This anti-work anthem still gets played by radio stations near and far at 5 p.m. on Friday
6. “Working For The Weekend,” Loverboy (1981)
Have truer words ever been spoken? Loverboy combine the weekend with the always alluring possibility of romance, even if it comes via a lazy rhyme: “You want a piece of my heart?/You better start at the start.” Red headband and leather pants optional. (This is the official video, skip to 2:24 to finally get to the song)
7. “Shiftwork,” Kenny Chesney and George Strait (2007)
A clever play on words: take out the “f” in “shiftwork” and you get the idea built around monotony of shiftwork, whether you’re working, as the song states, “Seven to three/Three to eleven/Eleven to seven.”
8. “Chain Gang,” Sam Cooke (1960)
Let’s face it, as bad as your job may be, it still probably doesn’t compare to working on the chain gang, picking up trash on some highway, yoked to some other prisoner. And yet, Cooke still sounds like the happiest angel in the world.
9. “Sixteen Tons,” Tennessee Ernie Ford (1955)
Pair this with Lee Dorsey’s “Working In The Coal Mine” and you can double down on the misery of working where “the sun didn’t shine.” Funny, yet trenchant, lyrics detail the inability to get ahead, so much so that heaven even seems out of reach because “I owe my soul to the company store.”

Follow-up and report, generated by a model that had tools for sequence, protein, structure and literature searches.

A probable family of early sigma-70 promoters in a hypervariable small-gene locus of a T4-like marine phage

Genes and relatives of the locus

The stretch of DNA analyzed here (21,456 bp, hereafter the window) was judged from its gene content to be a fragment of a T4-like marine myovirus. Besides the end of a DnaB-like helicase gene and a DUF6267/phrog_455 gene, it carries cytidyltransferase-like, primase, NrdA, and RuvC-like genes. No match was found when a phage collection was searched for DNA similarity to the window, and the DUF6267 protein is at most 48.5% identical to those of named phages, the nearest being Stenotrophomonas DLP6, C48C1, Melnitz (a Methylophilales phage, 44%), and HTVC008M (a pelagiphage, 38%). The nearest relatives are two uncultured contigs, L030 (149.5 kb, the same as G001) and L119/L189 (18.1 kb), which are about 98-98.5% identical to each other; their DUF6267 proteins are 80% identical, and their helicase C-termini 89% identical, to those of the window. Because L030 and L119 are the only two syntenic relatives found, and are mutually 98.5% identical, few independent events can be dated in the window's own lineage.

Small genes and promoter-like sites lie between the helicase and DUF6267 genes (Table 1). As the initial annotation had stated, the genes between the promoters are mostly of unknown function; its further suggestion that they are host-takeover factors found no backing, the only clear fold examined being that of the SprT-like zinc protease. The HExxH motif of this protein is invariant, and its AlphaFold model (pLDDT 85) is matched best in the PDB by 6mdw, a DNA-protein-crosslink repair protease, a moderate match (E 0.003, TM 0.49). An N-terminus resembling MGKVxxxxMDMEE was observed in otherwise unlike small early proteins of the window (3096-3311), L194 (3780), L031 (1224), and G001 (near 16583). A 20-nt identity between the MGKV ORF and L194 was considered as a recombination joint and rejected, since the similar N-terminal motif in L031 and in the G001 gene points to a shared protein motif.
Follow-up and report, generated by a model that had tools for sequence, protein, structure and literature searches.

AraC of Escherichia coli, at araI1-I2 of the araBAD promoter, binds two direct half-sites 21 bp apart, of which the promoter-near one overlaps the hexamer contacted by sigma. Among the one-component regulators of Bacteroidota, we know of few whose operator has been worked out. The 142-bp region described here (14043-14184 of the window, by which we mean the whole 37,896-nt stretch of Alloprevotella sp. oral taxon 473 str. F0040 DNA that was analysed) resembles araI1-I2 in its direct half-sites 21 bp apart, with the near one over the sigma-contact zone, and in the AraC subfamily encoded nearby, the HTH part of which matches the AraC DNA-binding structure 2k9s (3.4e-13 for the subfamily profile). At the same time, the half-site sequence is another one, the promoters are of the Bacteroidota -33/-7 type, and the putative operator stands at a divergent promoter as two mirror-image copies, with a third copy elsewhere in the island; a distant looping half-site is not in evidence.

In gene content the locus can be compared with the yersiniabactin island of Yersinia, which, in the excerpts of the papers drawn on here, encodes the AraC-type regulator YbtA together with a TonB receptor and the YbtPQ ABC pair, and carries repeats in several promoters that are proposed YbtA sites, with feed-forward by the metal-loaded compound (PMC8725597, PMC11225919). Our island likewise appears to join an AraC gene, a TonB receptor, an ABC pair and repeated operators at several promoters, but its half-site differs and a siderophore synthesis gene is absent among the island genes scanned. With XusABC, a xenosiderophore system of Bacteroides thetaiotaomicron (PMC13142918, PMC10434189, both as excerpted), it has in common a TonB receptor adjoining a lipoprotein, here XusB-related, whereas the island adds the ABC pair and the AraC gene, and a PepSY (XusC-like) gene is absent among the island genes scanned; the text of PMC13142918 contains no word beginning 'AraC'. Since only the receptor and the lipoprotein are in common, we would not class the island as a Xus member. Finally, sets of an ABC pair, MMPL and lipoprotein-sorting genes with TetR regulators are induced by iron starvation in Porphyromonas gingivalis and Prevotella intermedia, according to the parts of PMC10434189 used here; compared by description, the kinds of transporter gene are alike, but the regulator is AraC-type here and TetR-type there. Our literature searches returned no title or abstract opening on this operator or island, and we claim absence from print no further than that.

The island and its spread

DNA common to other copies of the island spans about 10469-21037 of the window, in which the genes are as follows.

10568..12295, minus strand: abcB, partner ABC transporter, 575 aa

10. “Working Man,” Rush (1974)
Working leaves little time for any of life’s simple pleasure other than “a nice cold beer.” At least for Alex Lifeson, it gets you a very cool guitar solo.
11. “Blue Collar Man (Long Nights),” Styx (1978)
Take your Styx hatred somewhere else, buddy. It’s one thing to not like “Mr Roboto,” but to not bow down to this working man’s anthem, sung by Tommy Shaw instead of usual Styx warbler Dennis DeYoung, is to prove that you’ve never even gotten so much as a paper cut at work.
12. “Taking’ Care of Business,” Bachman Turner Overdrive (1974)
This chugging ode pays homage to those who “get up every morning from your ‘larm’s clock warning” to trudge into the city like a clone, only to rinse and repeat the next day.
13. "Five O’Clock World,” The Vogues (1966)
Also used as the theme to The Drew Carrey Show, this joyous tune discards the doldrums of the working day for that magical moment when the whistle blows. Listen for the glorious production, if nothing else.
14. “It’s Five O’ Clock Somewhere,” Alan Jackson and Jimmy Buffett (2003)
Yes, yes it is…And that means it’s time to punch out and head to Margaritaville.
15. “Take This Job and Shove It,” Johnny Paycheck (1977)